British Columbia, Central Interior B.C.

CKBZ-FM (Kamloops Best Music Variety), Kamloops

, Jim Pattison Broadcast Group

1926
CFJC started in a curtained off area on the second floor of N. S. Dalgleish & Son department store, who were partners with Weller & Weller Electric, one, to promote the sale of receivers, and the other, the sale and service of batteries. With just 15 watts of power, CFJC was assigned 1120 on the kHz dial. Operations began on May 1.

1930
The power was increased to 100 watts. After a couple of years of this joint venture, the station was transferred to the Dalgliesh investment firm.

1932
During the depression the Kamloops Sentinel took over because they felt radio might have an effect on the newspaper business.

1933
CFJC moved to 1310 kHz with 100 watts.

1934
A frequency change to 800 kHz took place. Power was still 100 watts.

1935
CFJC changed frequency again – this time to 880 kHz. Power remained 100 watts.

1937
A new 1,000 watt transmitter was installed with the staff (3) working all night between sign-off (11:00pm) and sign on (7:00 am).

      Ian Clarke
            Ian Clarke
1940

Ian Clark joined, becoming Manager in 1943. He persuaded Ralph White, owner of the Sentinel, to purchase all new equipment.

1941
Under the Havana Treaty, CFJC moved from 880 to 910 kHz (Class III-A) with 1,000 watts on March 29.

1944
R.J. Tate became CFJC's chief engineer after holding the same position for the past four years at CFAR in Flin Flon. He took up his new posting as of April 1.

On August 8, municipal and community leaders participated in the ceremony and program marking the inauguration of CFJC's new 1,000 watt transmitter and associated equipment. Mayor George H. Williams signed the station off on the old equipment after a national news commentary at 7 o'clock. The new equipment was turned on and the mayor spoke the first words. Manager Ian clark spoke briefly in response to the messages and then introduced a dramatized program - The Story of CFJC - prepared by program director Jack Garbutt. The new Northern Electric equipment included everything from microphone to antenna. The studio console was designed for FM which was expected to be in general use after the war.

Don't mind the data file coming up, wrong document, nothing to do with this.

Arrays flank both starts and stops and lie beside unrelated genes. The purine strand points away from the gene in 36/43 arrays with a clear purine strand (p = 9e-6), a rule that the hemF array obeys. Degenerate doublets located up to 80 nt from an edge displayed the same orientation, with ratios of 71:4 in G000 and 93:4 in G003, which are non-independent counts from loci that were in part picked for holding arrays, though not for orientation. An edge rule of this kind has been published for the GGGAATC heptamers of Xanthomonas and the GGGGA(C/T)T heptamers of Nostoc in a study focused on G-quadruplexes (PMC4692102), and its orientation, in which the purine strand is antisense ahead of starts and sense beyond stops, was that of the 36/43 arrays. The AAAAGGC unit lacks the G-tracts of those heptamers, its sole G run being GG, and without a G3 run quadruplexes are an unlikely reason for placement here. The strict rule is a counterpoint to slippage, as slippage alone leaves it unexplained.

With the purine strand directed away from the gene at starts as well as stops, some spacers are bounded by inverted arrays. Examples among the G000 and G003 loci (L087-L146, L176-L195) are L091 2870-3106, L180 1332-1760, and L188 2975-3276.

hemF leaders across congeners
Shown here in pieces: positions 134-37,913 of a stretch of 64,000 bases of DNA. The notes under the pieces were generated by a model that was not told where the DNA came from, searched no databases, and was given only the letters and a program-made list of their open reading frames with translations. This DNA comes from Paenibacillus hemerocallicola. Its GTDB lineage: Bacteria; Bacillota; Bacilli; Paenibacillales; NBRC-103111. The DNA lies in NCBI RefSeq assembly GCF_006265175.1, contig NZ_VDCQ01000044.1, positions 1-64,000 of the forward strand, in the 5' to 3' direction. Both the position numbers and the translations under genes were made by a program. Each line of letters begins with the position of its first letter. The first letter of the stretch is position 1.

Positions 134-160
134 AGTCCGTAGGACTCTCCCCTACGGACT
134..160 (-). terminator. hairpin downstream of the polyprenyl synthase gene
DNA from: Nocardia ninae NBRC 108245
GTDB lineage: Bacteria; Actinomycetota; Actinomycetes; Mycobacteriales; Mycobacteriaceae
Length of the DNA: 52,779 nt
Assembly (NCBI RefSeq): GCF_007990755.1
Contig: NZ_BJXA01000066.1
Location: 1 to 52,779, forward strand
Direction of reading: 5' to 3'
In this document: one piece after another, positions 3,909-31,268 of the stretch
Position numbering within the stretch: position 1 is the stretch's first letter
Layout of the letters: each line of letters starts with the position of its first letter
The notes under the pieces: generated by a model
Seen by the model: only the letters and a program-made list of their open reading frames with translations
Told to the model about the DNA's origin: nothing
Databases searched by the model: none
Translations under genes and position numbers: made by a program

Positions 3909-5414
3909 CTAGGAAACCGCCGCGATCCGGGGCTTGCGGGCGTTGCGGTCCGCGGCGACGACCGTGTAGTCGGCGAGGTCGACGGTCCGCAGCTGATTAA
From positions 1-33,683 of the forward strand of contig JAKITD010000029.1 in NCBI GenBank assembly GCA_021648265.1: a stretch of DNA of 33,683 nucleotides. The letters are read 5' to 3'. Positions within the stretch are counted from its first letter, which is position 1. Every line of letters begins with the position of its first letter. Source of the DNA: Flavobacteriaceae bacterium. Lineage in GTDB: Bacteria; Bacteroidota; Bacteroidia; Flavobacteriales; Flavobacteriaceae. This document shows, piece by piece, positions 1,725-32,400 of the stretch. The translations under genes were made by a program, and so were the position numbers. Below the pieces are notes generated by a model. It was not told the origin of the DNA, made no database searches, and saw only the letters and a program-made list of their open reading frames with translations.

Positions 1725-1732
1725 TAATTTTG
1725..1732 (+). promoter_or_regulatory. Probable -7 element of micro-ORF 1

1945
Ron White took over the Sentinel after his father's death and allowed Ian Clark to lease the station. Shortly after that, Clark was allowed to buy into the station, eventually taking complete ownership.

CBC Trans-Canada Basic stations: CJCB, CBH, CBA, CHSJ, CFNB, CBO, CKWS, CBL, CKSO, CFCH, CJKL, CKGB, CKPR, CBM, CKY, CBK, CJCA, CFAC, CJOC, CFJC, CKOV, CJAT, CBR.

Ralph White was manager and Ian Clark was commercial manager.

Slogan: The Voice of Central British Columbia.

1946
CFJC's application for a power increase to 5,000 watts deferred.

1947
Ted Reynolds left CFJC to become announcer/operator at CJVI Victoria.

CFJC applied for an emergency transmitter licence. Permission was granted.

1948
CFJC applied for an FM licence. The CBC recommended this for approval. The applicant was the Kamloops Sentinal Ltd., operator of CFJC.

1950
Ian Clark was manager and Walter Harwood was commercial manager.

1955
Emmett Cronin did sports and Gordon Rye was a newscaster.

1957
Kamloops Sentinal Ltd. was granted approval to sell CFJC to Inland Broadcasters Ltd. (Ian Clarke).

1958
CFJC received approval to increase daytime power from 1,000 to 10,000 watts. Night-time power would remain 1,000 watts.

1959
CFJC increased power to 10,000 watts day and 1,000 watts night.

1962
CFJC launched an FM station on 98.3 MHz.

1970
On December 18 approval was granted for a transfer of shares of Twin Cities Radio Ltd. as follows: 51 Class A shares from Ian George Clark to David S. Clark and 20 Class A and 2,000 Class B from Jean Ross to John William Richard Pollard.

1977
Twin Cities Radio Ltd. applied for a change of frequency for CFJC from 910 kHz to 550 kHz. The station would also relocate the antenna site and increase night-time power to 5,000 watts. Daytime power would remain 10,000 watts. CFJC would also disaffiliate from the CBC network when local CBC rebroadcaster CBYK-FM commenced operations.

The technical changes were approved, as was the disaffiliation. The CBC's own repeater was now on the air.

1979
By this time, CFJC had moved from 910 to 550 kHz and power had increased to  25,000 watts day and 5,000 watts night.

1986
The Jim Pattison Group (CJOR/CJJR Vancouver) agreed to purchase CFJC, CFFM-FM and CFJC-TV Kamloops. Dave Clark, who was the major shareholder, would remain with the group. No programming changes were planned, but technical improvements would be made, and Pattison would follow through on an application for an FM station in the Cariboo.

1987

Twin Cities Radio Ltd. (CFJC and its rebroadcaster CFJC-FM Merritt, along with several other stations) were sold by D.S. Clark, J.W.R. Pollard and Diane Edgell to Jim Pattison Industries Ltd.

1988